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IVMS-CV-Pharmacology- Anti-hypertensive Agents


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Individualized Webcam facilitated and e-Classroom USMLE Step 1 Tutorials with Dr. Cray. 1 BMS Unit is 4 hr. General Principles and some Organ System require multiple units to complete in preparation for the USMLE Step 1 A HIGH YIELD FOCUS IN Biochemistry / Cell Biology, Microbiology / Immunology and the 4 P’s-Phiso, Pathophys, Path and Pharm. Webcam Facilitated USMLE Step 2 Clinical Knowledge and Clinical Skills diadactic tutorials /1 Unit is 4 hours, individualized one-on-one and group sessions, Including all Internal Medicine sub-sub-specitialities. For questions or more information..

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IVMS-CV-Pharmacology- Anti-hypertensive Agents

  1. 1. CV Pharmacology- Antihypertensive Agents Reading: Antihypertensive Drugs Formative Assessment Practice question Clinical: e-Medicine article Hypertension Prepared and presented by: Marc Imhotep Cray, M.D. BMS and CK/CS Teacher
  2. 2. 2 Normal Control of BP  Normal control of BP: sympathoadrenal axis-- response to a decrease in BP  Sensed by Central baroreceptors {heart & great arteries}  Stimulation of ß-adrenergic systems  increased heart rate (positive chronotropic response)  increased force of contraction (contractility, positive inotropic response)  increased renin secretion {juxtaglomerular renal cells}  Stimulation of a-adrenoceptor systems: causes vasoconstriction
  3. 3. 3 Essential Hypertension With essential hypertension, mechanisms in the previous slide function inappropriately  Excessive sympathetic activation  Elevated norepinephrine may promote through vascular endothelium injury:  vascular hypertrophy  atherogenesis  ß-adrenergic receptor down-regulation  Reduced endothelium-mediated vascular relaxation  Consequence:  increased vasoconstrictive tone (chronic vasoconstriction)  Excessive sympathetic activation promotes enhanced peripheral vascular resistance in hypertensive patients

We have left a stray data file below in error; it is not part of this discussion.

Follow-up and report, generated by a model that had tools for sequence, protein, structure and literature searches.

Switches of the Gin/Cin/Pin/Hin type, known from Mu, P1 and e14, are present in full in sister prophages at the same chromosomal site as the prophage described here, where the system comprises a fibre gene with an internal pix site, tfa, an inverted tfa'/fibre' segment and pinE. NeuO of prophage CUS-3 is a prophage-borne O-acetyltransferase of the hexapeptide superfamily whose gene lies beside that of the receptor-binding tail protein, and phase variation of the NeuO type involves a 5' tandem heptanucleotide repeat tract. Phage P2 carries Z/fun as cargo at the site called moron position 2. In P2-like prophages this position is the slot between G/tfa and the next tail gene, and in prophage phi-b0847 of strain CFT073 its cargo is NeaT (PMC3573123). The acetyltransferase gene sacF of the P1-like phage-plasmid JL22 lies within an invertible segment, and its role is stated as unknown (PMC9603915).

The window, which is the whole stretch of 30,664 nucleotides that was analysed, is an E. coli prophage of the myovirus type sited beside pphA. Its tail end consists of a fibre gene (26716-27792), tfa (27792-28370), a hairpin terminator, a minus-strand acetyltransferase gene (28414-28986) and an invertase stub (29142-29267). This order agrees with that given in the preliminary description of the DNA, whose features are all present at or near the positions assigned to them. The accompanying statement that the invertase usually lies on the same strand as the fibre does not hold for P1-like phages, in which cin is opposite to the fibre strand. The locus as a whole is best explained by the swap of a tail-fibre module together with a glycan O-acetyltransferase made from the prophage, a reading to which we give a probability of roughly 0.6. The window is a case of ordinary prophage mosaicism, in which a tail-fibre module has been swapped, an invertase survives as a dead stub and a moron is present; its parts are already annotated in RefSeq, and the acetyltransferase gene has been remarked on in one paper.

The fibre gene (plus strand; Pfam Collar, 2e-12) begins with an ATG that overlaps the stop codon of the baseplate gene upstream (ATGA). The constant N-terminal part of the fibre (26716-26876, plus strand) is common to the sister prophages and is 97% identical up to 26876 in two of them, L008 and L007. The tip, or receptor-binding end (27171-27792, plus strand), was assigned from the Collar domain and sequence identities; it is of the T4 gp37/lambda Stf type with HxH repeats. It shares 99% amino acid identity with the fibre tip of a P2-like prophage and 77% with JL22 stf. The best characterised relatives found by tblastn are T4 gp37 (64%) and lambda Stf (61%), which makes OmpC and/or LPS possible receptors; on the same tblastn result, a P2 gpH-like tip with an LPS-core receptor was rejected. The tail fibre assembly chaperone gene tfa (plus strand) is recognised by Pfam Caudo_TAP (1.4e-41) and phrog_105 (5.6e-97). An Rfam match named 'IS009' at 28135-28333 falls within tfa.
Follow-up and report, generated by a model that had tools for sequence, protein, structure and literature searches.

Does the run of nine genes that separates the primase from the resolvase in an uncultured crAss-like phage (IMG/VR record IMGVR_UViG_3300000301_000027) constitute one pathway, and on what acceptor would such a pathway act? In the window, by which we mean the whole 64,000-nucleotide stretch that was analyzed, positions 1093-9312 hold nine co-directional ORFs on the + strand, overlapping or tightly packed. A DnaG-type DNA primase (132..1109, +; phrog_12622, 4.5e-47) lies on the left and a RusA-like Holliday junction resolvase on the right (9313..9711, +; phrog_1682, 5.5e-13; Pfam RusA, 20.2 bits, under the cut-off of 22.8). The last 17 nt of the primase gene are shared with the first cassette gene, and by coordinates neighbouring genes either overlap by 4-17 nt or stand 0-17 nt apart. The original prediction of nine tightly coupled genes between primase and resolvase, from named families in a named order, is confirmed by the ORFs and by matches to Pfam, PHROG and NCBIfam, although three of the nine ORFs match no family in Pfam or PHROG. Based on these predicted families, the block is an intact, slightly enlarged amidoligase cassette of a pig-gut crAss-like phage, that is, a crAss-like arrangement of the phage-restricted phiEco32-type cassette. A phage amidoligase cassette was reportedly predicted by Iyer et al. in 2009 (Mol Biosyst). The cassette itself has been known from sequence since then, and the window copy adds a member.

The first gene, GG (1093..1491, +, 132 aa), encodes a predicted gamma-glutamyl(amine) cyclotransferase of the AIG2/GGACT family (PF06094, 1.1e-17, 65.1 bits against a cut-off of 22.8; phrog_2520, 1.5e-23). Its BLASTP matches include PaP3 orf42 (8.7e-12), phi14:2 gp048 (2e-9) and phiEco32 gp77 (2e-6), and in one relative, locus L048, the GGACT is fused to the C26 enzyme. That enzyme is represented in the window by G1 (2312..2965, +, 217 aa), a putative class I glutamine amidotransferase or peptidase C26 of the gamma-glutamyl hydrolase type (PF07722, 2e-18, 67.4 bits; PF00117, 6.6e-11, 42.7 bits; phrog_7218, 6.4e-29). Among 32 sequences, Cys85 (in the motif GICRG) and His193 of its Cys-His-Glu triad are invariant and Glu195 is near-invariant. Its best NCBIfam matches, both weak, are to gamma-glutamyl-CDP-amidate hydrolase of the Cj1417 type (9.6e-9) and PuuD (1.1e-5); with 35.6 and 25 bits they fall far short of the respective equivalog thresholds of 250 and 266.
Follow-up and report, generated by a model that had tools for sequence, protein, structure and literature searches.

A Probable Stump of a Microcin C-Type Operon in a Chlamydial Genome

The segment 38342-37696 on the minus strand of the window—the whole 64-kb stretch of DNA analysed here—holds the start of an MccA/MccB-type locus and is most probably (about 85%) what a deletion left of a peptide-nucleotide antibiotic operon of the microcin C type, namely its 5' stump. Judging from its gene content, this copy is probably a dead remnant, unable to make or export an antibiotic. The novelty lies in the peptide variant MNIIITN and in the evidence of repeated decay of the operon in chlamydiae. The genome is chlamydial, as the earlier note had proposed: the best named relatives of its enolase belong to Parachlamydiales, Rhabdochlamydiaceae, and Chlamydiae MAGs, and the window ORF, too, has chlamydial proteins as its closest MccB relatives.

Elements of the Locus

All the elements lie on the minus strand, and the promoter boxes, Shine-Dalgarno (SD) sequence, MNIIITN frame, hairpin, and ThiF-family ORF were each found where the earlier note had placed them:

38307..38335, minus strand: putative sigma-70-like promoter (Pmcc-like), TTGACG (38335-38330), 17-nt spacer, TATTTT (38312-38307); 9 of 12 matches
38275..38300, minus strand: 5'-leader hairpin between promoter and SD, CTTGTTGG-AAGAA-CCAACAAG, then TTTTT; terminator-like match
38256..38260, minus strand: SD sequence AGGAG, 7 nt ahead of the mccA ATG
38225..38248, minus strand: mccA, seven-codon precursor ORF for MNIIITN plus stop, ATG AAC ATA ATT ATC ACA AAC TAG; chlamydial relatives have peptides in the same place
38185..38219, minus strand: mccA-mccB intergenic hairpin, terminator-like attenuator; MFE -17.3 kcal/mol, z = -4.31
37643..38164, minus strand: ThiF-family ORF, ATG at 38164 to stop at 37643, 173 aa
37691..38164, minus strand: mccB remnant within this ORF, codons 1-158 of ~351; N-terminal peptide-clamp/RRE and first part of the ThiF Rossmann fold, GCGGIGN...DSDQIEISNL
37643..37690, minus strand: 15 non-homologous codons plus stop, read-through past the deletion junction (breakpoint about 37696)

4. 4. 4 Hypertension Defined Re: Table in the next slide  Based on recommendations of the Seventh Report of the Joint National Committee of Prevention, Detection, Evaluation, and Treatment of High Blood Pressure (JNC VII) Also see: e-Medicine article Hypertension New Hypertension Guidelines Quick Reference Card s/hypertension/phycard.pdf
  5. 5. 5 Classification of Blood Pressure (JNC VII) Category Systemic BP (mm Hg) Diastolic BP (mm Hg) Normal <130 <85 High normal 130-139 85-89 Hypertension Stage 1 140-159 90-99 Stage 2 160-169 100-109 Stage 3 180-209 110-119 Stage 4  210  120
  6. 6. 6 Classification of HTN Primary Hypertension  Specific cause unknown  90% of the cases  Also known as essential or idiopathic hypertension Secondary Hypertension  Cause is known (such as eclampsia of pregnancy, renal artery disease, pheochromocytoma)  10% of the cases
  7. 7. 7 Physiological Factors Influencing Arterial Pressure Arterial pressure is determined by a number of interacting factors  Preload & Contractility  Heart rate  Peripheral resistance
  8. 8. 8 Physiological Factors Influencing Arterial Pressure Preload & Contractility  As blood volume returning to heart increases, preload increases and there is enhanced filling with ventricular dilation  According to Starling's Law, increased ventricular stretch usually leads to increased contractility
  9. 9. 9 Physiological Factors Influencing Arterial Pressure Preload & Contractility(2)  Increased preload and increased contractility lead to increased stroke volume and ultimately an increase in arterial pressure, all other factors remaining equal  Some antihypertensive drugs decrease preload
  10. 10. 10 Physiological Factors Influencing Arterial Pressure Preload & Contractility(3) The Nitrates are an example of preload reducing agents See: CV Pharmacology Anti-Anginal Agents Ppt
  11. 11. 11 Physiological Factors Influencing Arterial Pressure Heart Rate Heart rate:  Since product of heart rate and stroke volume equals cardiac output, an increase in heart rate will increase arterial blood pressure, all other factors remaining equal  Some antihypertensive agents decrease heart rate (ß- adrenergic receptor antagonists, e.g.)  Heart Rate X Stroke Volume = Cardiac Output (CO)  Cardiac Output X Total Peripheral Resistance (TPR) = Mean Arterial Pressure (MAP)
  12. 12. 12 Physiological Factors Influencing Arterial Pressure Peripheral resistance Peripheral resistance:  For a given cardiac output, blood pressure depends only on peripheral resistance  Some antihypertensive drugs act to reduce peripheral resistance (Also known as afterload reducing agents)
  13. 13. 13 Physiological Factors Influencing Arterial Pressure Depending on mechanism of action, a given antihypertensive may:  Reduce preload  Reduce afterload  Decrease heart rate  Reduce peripheral resistance  Reduce contractility.  Many antihypertensive drugs have multiple effects
  14. 14. 14 Anti-Hypertensive Drug Classes 1. Diuretics 2. Sympatholytics 3. Vasodilators 4. Calcium Channel Blockers 5. Angiotensin Converting Enzyme (ACE) Inhibitor
  15. 15. 15 Anti-Hypertensive Drug Classes-1) Diuretics Thiazides •Hydrochlorothiazide (HydroDIURIL) •Chlorthalidone (Hygroton) •Chlorothiazide (Diuril) •Indapamide (Lozol) •Metolazone (Zaroxolyn) Potassium Sparing •Amiloride (Midamor) •Spironolactone (Aldactone) •Triamterene (Dyrenium) Loop Diuretics •Furosemide (Lasix), Bumetanide (Bumex), Ethacrynic acid (Edecrin) •Torsemide (Demadex)